Words: Ryan Mannix | Photos: Billy Andres
Can a band have contradictory influences?
Let's say a band has got a DIY, carefree punk side... the last thing you'd also expect to hear complementing it is the mellow 70’s pop of Paul McCartney or Steely Dan. Well, that's what's up with Post Animal, who spent an enjoyable evening in Chicago Metro earlier this month.
They marry these influences well -- the heavy side isn’t too chaotic, and the sleek side isn’t too cheesy. It's been fuel for a major upward trajectory; from starting a touring career just two years ago to packing the Metro on a December Saturday.
The young audience immediately started moshing once the first song started. “Gelatin Mode” touches on all of the elements of the Post Animal sound -- hooky, anthemic garage rock and intense psychedelia. Moments of Pink Floyd drip away into Thee Oh See’s inspired aggression.
The Metro staff could do little to contain the crowd surfing and resigned themselves to just throw out water bottles to the thirsty masses. My upper balcony spot was perfect, as it wasn’t too crowded and I could view both Post Animal's whole show and the kids losing their marbles.
The set itself was very well formulated. After a long sequence of short, well-known rockers, they busted out an older song that contained nearly fifteen minutes of scattered, compositional technical badassery.
Even with all the instrumental acrobatics, the songs are really just catchy as hell.
Bassist Dalton Allison, who sings leads on most songs, has a pop styling to his voice that really cleans up the dirtiness of the music, most prevalent on the tune “Ralphie”. I could see this band as a good pairing with White Denim down the road.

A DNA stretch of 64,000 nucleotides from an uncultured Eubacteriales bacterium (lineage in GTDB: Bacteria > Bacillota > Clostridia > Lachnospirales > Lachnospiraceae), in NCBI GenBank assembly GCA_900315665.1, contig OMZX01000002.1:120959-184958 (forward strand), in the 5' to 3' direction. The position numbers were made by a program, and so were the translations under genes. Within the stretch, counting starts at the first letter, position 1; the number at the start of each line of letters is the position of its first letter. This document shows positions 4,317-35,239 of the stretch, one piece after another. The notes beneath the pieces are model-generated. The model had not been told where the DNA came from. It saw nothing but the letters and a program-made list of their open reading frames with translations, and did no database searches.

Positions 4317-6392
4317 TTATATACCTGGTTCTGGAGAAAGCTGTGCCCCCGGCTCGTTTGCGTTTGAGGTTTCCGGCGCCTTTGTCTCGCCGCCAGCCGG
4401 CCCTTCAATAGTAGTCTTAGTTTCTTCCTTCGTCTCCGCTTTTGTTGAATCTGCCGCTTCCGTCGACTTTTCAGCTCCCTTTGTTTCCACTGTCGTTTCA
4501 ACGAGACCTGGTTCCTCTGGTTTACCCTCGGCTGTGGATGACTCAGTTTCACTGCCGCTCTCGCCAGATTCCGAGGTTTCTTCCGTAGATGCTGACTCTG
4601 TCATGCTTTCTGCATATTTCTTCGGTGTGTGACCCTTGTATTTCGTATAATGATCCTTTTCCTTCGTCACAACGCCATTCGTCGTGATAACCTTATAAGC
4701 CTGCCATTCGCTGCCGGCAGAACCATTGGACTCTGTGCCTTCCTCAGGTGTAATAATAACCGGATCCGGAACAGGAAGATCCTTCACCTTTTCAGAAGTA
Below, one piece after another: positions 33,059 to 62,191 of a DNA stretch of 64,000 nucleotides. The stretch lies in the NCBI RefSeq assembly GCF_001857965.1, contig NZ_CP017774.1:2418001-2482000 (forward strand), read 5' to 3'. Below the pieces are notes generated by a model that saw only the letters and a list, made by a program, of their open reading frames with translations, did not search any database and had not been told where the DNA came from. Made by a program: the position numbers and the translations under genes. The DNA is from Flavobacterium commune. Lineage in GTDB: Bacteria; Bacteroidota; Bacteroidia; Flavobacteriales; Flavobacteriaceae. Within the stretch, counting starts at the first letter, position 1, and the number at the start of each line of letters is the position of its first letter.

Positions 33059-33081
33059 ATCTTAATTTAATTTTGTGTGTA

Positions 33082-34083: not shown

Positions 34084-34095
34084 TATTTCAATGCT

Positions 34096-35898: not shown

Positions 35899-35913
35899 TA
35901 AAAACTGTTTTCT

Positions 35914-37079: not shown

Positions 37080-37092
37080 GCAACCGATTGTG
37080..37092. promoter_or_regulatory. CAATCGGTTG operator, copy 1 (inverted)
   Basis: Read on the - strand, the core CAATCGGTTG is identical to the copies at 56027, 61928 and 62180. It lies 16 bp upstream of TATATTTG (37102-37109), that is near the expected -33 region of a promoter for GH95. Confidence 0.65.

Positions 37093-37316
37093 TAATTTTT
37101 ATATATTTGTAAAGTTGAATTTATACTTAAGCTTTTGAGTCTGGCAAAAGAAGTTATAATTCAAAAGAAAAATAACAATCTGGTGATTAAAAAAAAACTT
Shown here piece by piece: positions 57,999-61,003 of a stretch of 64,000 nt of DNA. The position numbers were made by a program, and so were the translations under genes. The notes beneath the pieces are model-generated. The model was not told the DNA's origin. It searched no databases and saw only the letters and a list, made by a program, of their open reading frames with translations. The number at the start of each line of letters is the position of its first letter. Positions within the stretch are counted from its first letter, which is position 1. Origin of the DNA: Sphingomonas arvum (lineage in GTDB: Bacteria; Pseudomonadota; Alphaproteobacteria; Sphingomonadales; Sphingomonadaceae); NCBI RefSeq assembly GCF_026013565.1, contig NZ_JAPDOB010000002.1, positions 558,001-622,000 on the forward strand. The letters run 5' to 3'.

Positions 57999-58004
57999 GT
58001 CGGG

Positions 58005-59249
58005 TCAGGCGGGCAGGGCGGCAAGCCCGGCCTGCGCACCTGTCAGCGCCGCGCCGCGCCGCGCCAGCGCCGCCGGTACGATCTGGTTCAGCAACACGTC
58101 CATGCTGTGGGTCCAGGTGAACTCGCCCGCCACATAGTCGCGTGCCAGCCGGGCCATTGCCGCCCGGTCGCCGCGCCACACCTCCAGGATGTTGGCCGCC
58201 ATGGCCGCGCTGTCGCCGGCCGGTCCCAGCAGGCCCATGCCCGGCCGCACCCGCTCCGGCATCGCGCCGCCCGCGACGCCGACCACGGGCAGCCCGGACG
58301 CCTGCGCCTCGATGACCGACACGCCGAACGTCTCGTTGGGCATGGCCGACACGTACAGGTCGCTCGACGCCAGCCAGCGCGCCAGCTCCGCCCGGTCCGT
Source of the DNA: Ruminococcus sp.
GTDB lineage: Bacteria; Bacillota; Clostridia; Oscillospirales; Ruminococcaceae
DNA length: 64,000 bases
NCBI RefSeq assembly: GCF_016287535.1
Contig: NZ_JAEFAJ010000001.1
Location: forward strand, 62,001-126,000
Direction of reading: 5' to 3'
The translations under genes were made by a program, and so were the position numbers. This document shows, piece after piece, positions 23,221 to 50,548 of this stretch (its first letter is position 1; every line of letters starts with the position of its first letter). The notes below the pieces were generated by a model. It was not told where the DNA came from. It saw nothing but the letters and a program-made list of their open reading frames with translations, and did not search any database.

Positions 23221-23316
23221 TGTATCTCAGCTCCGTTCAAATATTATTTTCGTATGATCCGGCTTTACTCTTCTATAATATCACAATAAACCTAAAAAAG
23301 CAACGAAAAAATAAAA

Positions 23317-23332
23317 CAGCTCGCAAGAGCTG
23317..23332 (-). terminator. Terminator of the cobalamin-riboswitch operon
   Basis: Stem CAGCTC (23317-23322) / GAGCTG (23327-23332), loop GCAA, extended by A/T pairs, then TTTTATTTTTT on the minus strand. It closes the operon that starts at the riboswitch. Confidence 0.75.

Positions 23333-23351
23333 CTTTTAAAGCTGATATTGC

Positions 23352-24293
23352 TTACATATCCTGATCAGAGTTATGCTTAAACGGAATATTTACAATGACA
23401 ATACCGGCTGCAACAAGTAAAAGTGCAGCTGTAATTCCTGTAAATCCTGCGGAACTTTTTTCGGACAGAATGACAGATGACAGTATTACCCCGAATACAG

Their edginess often swings the band loose, but they always end up contained. They bring a 70s prog-refined tightness to the garage rock idiom. The rolling, bombastic drum fills of Wesley Toledo (okay... that's a great name) are strikingly reminiscent of Keith Moon. His playing has to be one of the most intriguing parts of the live show. Often a triple guitar assault could be messy, but the parts and tones are scripted enough where they lock in just right.
“Dirtpicker” is an obvious choice for a closer -- punk rock energy that twists and turns with harmonized guitar riffage.
The kids in the crowd got one more chance to bang into each other, while Post Animal got some of their friends from the opening act in on the crowd surfing and the vibe on stage was pure spontaneous fun, a 'how did we get here?’ moment.
These guys aren’t roots rock revivalists, but they certainly blend the influences in a way where you can clearly see the past.
The encore was another spot on choice, the classic rock inspired sing-along, “Susie”. Paul Cherry and gang were brought out to add some harmonies, which you couldn’t hear at all, but that wasn’t really the point.
It was a throwback rock show moment that was a real positive fun cap on a night full of them.
Divino Nino, Chicago mellow rockers, opened things up. These guys have been working through the DIY scene for years and its great to see them getting bigger shows and more exposure.
They pay tribute to a lot of the jazzy pop of the ’60s, but it also contains some Latin-inspired grooves and melodies throughout. There is a definite influence of Mac DeMarco, with slacker, wobbly synth lines. But you can also hear a sleepy side of the Beatles coming through.
The downtempo nature isn't a criticism. In fact, to these ears, it made the show even more engaging. They didn’t need over the top energy to inspire the crowd, just catchy songs and a tight sound. And they brought plenty to go around.